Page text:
. use coint, clear . reg y x, nocons Source | SS df MS Number of obs = 100 -------------+---------------------------------- F(1, 99) = 3148.28 Model | 4411.48377 1 4411.48377 Prob > F = 0.0000 Residual | 138.72255 99 1.40123788 R-squared = 0.9695 -------------+---------------------------------- Adj R-squared = 0.9692 Total | 4550.20632 100 45.5020632 Root MSE = 1.1837 ------------------------------------------------------------------------------ y | Coef. Std. Err. t P>|t| [95% Conf. Interval] -------------+---------------------------------------------------------------- x | .7335899 .0130743 56.11 0.000 .7076477 .7595321 ------------------------------------------------------------------------------ . predict coint_resd, resid . dfuller coint_resd, nocons lags(2) Augmented Dickey-Fuller test for unit root Number of obs = 97 ---------- Interpolated Dickey-Fuller --------- Test 1% Critical 5% Critical 10% Critical Statistic Value Value Value ------------------------------------------------------------------------------ Z(t) -5.955 -2.601 -1.950 -1.610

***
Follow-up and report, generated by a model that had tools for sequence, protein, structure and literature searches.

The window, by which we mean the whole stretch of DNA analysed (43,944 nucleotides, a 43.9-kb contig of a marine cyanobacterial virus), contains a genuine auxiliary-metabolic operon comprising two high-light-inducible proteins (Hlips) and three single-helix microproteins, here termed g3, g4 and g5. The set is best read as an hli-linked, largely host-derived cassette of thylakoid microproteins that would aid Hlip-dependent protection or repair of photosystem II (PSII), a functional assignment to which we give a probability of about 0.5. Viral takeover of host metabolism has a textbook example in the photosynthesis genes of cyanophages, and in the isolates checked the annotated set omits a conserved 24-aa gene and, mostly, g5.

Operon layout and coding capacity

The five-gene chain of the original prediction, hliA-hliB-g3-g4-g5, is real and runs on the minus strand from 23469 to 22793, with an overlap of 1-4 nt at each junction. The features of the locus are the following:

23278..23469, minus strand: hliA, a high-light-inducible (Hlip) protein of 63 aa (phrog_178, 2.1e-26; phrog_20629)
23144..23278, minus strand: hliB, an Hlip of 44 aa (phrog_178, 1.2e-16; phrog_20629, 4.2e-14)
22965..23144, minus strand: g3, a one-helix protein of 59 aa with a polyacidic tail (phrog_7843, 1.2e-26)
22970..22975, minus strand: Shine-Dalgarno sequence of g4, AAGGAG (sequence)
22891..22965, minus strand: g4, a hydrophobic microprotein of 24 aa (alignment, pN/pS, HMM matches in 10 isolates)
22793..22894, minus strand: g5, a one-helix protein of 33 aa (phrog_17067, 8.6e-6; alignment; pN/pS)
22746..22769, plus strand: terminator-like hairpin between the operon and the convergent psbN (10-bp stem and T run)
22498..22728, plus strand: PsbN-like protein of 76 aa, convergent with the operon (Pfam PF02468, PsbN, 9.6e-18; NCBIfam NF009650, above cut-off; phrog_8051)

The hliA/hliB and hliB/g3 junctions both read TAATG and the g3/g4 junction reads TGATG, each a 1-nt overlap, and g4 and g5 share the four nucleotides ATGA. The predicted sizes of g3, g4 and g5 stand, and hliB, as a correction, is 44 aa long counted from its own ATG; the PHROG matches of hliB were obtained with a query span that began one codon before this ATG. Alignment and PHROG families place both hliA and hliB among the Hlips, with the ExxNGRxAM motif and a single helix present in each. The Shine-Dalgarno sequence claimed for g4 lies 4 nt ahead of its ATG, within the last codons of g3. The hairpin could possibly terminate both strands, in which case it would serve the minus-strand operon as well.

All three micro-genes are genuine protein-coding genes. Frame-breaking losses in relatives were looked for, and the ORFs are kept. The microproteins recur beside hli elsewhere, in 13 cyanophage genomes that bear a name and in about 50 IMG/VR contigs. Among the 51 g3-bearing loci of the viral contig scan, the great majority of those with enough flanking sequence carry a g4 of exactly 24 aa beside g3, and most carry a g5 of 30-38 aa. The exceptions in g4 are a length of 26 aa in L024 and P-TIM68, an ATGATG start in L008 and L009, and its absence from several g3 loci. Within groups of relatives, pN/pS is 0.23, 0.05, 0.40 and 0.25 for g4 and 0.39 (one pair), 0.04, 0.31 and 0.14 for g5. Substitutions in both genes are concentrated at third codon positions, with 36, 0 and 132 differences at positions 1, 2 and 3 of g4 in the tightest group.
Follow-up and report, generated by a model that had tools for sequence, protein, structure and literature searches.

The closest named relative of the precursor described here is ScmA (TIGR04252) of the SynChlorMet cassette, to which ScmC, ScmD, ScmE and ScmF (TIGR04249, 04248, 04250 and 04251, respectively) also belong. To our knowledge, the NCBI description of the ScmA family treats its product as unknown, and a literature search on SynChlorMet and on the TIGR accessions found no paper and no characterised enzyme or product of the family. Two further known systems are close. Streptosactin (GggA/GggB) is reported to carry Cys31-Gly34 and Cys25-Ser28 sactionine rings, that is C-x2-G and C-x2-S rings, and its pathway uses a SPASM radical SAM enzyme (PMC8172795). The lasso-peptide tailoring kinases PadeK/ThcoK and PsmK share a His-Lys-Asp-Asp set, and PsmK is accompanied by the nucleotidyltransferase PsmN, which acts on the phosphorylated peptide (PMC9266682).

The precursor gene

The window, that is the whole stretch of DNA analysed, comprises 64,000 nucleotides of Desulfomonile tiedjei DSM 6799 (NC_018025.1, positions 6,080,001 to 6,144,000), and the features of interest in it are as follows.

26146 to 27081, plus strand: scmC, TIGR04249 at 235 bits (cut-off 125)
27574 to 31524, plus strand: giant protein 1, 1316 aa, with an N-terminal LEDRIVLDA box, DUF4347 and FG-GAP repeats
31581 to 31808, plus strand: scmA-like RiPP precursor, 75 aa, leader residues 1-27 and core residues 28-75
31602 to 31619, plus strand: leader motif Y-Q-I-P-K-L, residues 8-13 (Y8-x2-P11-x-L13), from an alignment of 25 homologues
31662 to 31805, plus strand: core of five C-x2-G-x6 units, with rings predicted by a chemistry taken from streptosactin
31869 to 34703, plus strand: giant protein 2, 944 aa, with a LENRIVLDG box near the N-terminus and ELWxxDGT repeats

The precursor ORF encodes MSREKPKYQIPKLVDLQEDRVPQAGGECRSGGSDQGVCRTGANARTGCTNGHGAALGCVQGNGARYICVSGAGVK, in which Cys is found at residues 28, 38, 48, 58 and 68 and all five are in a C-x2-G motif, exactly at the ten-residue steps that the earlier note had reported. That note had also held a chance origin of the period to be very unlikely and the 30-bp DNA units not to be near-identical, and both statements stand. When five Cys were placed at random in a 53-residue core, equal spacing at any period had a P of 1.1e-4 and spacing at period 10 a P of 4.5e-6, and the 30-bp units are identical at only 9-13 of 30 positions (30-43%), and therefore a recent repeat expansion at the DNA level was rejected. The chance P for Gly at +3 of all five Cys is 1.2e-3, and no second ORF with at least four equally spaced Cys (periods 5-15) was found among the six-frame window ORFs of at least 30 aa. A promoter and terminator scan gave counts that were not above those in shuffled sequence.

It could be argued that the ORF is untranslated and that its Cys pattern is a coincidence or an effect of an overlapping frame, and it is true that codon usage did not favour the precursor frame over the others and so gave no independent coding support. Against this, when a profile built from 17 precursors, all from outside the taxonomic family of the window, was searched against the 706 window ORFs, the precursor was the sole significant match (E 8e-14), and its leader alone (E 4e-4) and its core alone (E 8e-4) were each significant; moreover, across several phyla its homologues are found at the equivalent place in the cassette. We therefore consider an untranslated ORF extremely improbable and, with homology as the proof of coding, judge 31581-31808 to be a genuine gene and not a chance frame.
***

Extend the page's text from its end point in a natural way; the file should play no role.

Comparing the DF test statistic of \(-\)5.95 with the appropriate critical value of \(-\)2.76, I reject the null hypothesis of no cointegration at the 5% level.

**Conclusion**

In this post, I performed MCS to show the consistency of the OLS estimator under cointegration. I used the Engle–Granger two-step approach to test for cointegration in simulated data.

**References**

Engle, R. F., and C. W. J. Granger. 1987. Co-integration and error correction: Representation, estimation, and testing. *Econometrica* 55: 251–276.

Hamilton, J. D. 1994. *Time Series Analysis*. Princeton: Princeton University Press.

Hansen, B. E. 1992. Effcient estimation and testing of cointegrating vectors in the presence of deterministic trends. *Journal of Econometrics* 53: 87–121.

Phillips, P. C. B. 1986. Understanding spurious regressions in econometrics. *Journal of Econometrics* 33: 311–340.

Phillips, P. C. B., and S. Ouliaris. 1990. Asymptotic properties of residual based tests for cointegration. *Econometrica* 58: 165–193.

**Appendix**

**Code for spurious regression**

The following code performs an MCS for a sample size of 100.

**Code block 1: spurious100.do**